CR Gazette –
The Gazette Editorial Board
We all want efficient government that delivers the greatest number of vital public services at the lowest cost to taxpayers.
But there comes a point when slashing budgets begins to seriously interfere with a branch, agency or department’s ability to carry out its fundamental mission.
Iowa has crossed that line when it comes to our courts.
Gubernatorial and legislative penny pinching have made it unreasonably difficult for the judicial branch to keep up with exploding caseloads.
Long delays and backlogs are affecting not only civil cases but some major criminal cases. Neither victims or defendants are being served.
That’s not only an inconvenience, there is evidence that it is beginning to compromise Iowans’ right to due process. Legislators must reverse the trend.
In the past 24 years, the number of cases filed in Iowa courts, excluding simple misdemeanors and traffic violations, has increased
50 percent, according to Iowa Supreme Court Chief Justice Mark Cady.
The Iowa Code has increased in size by 79 percent, Cady also notes. But the court system is handling those cases with fewer employees today than it had back then.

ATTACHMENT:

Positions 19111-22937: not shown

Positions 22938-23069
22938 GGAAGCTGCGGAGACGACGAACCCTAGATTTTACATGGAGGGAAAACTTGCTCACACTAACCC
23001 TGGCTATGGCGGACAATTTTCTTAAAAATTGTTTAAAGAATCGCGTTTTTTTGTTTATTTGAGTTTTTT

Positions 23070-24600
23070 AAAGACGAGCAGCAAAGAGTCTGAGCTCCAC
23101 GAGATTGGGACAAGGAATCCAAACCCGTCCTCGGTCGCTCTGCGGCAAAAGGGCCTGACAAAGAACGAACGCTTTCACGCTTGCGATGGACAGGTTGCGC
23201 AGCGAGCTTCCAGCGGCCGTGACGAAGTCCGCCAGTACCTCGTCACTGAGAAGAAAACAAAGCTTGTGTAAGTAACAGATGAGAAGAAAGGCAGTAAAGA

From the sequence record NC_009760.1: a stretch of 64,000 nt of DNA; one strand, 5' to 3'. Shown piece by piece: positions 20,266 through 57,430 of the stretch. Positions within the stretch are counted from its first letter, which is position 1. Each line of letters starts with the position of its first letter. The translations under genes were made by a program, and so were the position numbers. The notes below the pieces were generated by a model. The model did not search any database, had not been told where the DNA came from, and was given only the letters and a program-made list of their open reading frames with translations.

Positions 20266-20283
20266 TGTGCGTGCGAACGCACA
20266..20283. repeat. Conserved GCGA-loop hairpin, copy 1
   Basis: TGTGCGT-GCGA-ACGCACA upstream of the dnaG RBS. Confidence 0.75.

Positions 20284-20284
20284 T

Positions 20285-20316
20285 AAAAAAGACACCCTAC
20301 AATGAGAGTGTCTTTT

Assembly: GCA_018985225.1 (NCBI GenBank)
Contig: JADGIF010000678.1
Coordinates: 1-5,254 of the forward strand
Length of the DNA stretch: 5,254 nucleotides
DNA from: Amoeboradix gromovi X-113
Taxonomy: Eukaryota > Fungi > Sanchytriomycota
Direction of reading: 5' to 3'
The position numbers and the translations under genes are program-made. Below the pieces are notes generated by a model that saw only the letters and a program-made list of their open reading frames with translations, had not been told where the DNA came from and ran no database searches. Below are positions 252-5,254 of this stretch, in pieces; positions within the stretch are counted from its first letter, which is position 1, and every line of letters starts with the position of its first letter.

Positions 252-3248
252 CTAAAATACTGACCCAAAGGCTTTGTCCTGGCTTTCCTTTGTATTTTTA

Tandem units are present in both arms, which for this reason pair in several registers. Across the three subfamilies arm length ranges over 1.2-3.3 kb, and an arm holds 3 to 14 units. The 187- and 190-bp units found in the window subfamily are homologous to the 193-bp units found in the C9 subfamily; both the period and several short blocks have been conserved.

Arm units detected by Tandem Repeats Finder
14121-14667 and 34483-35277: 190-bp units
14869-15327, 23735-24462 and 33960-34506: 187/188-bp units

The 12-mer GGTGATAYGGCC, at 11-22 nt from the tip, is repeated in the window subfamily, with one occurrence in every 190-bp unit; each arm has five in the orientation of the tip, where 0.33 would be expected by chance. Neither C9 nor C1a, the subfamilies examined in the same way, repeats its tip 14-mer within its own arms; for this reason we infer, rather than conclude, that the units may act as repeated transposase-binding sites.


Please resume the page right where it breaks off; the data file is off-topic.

Across-the-board state budget cuts forced the court system to trim its workplace by more than 10 percent — 200 positions — in 2009 alone. Since then, a third of the state’s clerk of court offices have had to reduce the number of hours they are open to the public.
In his State of the Judiciary speech to legislators last month, Cady asked legislators for a
$10 million increase in funding to fill the gaps left by those cuts.
Cady says a $10 million bump would go a long way — funding 42 positions and help the courts launch an electronic court filing system that would introduce some dramatic efficiencies.
The court system has been making good-faith efforts to run as efficiently as possible. And now it’s legislators’ turn to deliver more realistic financial support to the courts. Weeding out irrelevant, ineffective laws in the Iowa Code also could help reduce the excessive burden on our courts.
A Civil Justice Reform Task Force formed in 2010 is scheduled to release recommendations next month that should help reign in costs and speed things along for at least some civil cases. Resolving more cases by mediation can be helpful.
But there is only so much cost-cutting to be done without compromising the integrity of our courts. An efficient, stable court system is vital to our society. Legislators must authorize adequate funding to carry out that crucial role.